Electronic pulltabs, the source of public funding for U.S. Bank Stadium, survived a legal challenge Thursday by the Shakopee Mdewakanton Sioux Community.

A state administrative law judge ruled that the pulltabs offered in bars by charitable organizations don't infringe on the exclusive rights of the state's Indian tribes to operate video slot machines.

The signature element of slot machines is the spinning wheel, Judge Barbara Case wrote, adding: "The mere push of a button is too far attenuated to constitute 'mimicking' of a slot machine."

The judge heard oral arguments in late February.

The Legislature legalized e-pulltabs in 2012 as part of the deal to build a new stadium for the Vikings. The video pulltabs were designed to provide the $30 million needed annually to make payments on the state's share of the stadium debt and operating costs.

The games caught on slowly. In the first year, fiscal 2013, e-pulltabs brought in only $16 million. But in the most recent fiscal year that ended last June, e-pulltabs brought in $596 million.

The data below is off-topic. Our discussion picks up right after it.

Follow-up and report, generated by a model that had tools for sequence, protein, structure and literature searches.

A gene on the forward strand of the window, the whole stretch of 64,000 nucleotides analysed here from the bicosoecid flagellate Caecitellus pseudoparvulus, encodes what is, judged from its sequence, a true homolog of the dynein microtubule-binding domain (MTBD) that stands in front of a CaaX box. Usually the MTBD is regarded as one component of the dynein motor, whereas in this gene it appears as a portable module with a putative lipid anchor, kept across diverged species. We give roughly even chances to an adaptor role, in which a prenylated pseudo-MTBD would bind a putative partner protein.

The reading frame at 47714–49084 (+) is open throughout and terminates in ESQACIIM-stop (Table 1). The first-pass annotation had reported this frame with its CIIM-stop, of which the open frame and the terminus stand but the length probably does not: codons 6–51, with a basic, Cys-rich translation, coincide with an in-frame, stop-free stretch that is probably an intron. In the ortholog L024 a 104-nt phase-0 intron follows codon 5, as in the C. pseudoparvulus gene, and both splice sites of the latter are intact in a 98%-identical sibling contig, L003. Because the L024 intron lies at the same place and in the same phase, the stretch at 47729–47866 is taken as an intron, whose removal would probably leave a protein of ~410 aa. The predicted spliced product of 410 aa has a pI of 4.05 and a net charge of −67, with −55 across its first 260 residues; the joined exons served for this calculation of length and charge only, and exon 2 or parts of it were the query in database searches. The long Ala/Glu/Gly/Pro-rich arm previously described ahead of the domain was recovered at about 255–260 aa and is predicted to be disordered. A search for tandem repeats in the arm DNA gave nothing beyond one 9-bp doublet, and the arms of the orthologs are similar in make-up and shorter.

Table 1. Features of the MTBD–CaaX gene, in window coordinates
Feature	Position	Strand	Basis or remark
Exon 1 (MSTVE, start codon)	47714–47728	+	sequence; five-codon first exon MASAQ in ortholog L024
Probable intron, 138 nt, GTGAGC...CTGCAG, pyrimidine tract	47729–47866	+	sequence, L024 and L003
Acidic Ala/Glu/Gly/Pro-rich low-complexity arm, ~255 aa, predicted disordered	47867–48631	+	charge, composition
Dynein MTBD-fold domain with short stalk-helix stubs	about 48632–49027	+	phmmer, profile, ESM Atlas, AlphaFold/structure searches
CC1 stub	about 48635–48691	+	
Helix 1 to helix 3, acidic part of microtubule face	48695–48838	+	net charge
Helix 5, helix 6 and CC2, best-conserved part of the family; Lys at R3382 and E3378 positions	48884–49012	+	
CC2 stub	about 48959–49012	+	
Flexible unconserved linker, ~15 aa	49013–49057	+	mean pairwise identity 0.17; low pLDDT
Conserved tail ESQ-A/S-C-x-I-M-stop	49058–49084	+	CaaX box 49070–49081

Led by the Mdewakanton Sioux, several tribes filed a challenge to the Minnesota Gambling Control Board, saying the "open-all" feature of e-pulltabs threatened their business. With paper pulltabs, each window must be ripped open.

Under the compacts negotiated with the state three decades ago, Minnesota tribes have exclusive rights to operate slot machines on their reservations.

The Shakopee Mdewakanton Sioux Community runs the Little Six casino and the Mystic Lake casino and hotel enterprise in Prior Lake. The operations have an annual payroll of about $177 million and make up the largest employer in Scott County, according to the suit.